Summary Judgement.... Idaho Woman Defeats Obama’s Top Lawyer on Guns

by William Perry Pendley

President Obama’s Justice Department left nothing to chance last month in a major Second Amendment battle being fought in Idaho that will affect millions of acres of federal land throughout the country. Pushing aside Idaho’s United States Attorney, a top Justice lawyer flew to Boise to argue that the U.S. Army Corps of Engineers’ prohibition on possession of a functional firearm at its public recreational sites in 43 States is constitutional. Shortly after the lawyer got back to Washington, but likely before he filed his expense report, the Idaho federal district court ruled for the Idaho woman who filed the lawsuit.

Most Americans would be surprised to learn that the Corps is the nation’s largest provider of water-based outdoor recreation; in fact, it administers 422 lake and river projects in 43 states spanning 12 million acres, including over 700 dams—that hold back over 100 trillion gallons of water—encompassing 55,000 miles of shoreline, 4,500 miles of trails, 90,000 campsites, and 3,400 boat launch ramps. Waters under its control constitute 33 percent of all U.S. freshwater fishing and attract 300 million visitors a year. Unfortunately for those visitors and contrary to the Supreme Court’s 2008 ruling in District of Columbia v. Heller, a regulation adopted by the Corps in 1973 bars the carrying of firearms for self-defense and the possession of functional firearms in temporary residences on its lands.

The Corps’ regulation is a problem for Elizabeth E. Morris of Lewiston in Nez Perce County who was issued an emergency license in 2012 by the Nez Perce County Sheriff to carry a concealed handgun due to threats and physical attacks against her by a former neighbor. She regularly carries a handgun for self-defense and regularly uses Corps-administered public lands near the Snake River in Lewiston, Idaho, to boat with friends, regularly walks the Corps-administered paths in the area with her dog, and/or her family, and must travel across Corps-administered lands to reach Hells Gate State Park, which accesses Hells Canyon, the deepest river gorge in North America.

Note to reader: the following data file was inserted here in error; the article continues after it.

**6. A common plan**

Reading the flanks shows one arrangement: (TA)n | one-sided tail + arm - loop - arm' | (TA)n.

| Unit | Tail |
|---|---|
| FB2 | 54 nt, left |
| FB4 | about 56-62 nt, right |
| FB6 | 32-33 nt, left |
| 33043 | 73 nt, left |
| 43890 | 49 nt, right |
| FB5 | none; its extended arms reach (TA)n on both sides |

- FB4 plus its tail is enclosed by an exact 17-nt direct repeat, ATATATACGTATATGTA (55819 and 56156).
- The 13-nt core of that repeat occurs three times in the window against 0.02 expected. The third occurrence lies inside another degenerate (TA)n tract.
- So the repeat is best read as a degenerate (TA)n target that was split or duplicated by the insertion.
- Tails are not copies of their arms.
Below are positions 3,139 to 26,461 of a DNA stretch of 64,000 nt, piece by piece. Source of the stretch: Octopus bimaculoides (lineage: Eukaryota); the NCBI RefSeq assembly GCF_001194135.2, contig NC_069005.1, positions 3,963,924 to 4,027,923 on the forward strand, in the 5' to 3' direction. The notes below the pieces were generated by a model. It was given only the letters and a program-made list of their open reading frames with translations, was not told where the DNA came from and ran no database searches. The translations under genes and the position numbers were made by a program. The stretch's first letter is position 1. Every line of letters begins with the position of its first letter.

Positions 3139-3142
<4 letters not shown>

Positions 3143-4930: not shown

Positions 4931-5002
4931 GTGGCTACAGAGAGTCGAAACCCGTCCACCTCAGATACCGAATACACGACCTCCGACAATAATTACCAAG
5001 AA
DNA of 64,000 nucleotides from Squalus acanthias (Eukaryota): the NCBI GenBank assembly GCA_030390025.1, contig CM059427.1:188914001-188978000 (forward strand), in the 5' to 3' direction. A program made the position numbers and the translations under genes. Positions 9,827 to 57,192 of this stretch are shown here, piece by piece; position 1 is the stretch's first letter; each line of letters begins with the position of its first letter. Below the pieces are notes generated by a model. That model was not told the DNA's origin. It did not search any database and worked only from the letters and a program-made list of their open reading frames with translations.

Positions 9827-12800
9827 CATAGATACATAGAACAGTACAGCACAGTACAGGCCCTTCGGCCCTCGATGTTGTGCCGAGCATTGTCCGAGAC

After seeking an exemption from the Corps’ regulation via its federal attorneys and getting no response, in August 2013, Ms. Morris and another Idahoan filed a lawsuit in Idaho federal district court and sought an immediate, nationwide preliminary injunction barring the Corps from enforcing its regulation against her and subjecting her to arrest—or worse. The Corps opposed that motion and moved to dismiss her lawsuit. The Idaho federal district court not only rejected the dismissal motion, it also ruled that Ms. Morris was likely to win her lawsuit and was entitled to the injunction.

Noting that the Corps’ “regulation bans carrying a loaded firearm for the purpose of self-defense [and] carrying an unloaded firearm along with its ammunition” and that “[a]n unloaded firearm is useless for self-defense purposes without its ammunition,” the district court held that the regulation “burden[s] [Moore’s] Second Amendment rights.” Further, the district court held that the regulation’s ban on “firearms and ammunition in a tent on the Corps’ sites” “poses a substantial burden on a core Second Amendment right….” Finally, the district court concluded that, because the “regulation contains a flat ban on carrying a firearm for self-defense purposes[,]” which “completely ignor[es] the right of self-defense, [it] cannot be saved….” As a result, the district court found the regulation “simply too broad [because] it violates the Supreme Court’s description of Second Amendment rights in [Heller]. This regulation needs to be brought up to date.”

The Idaho district court did not stop there. After determining that Ms. Morris is likely to prevail following an “evidentiary hearing or trial,” the district court prohibited the Corps from enforcing its regulation “as to law-abiding individuals possessing functional firearms on Corps-administered public lands for the purpose of self-defense.” That means that, on Corps recreational sites from California to Connecticut and from Minnesota to Mississippi, Second Amendment rights prevail. Over to you, Mr. President.

Mr. Pendley, a Wyoming ­attor­ney, is President and Chief Legal ­Officer of Mountain States Legal Foundation and a regular -­­c­olum­nist in ­Loggers World.-­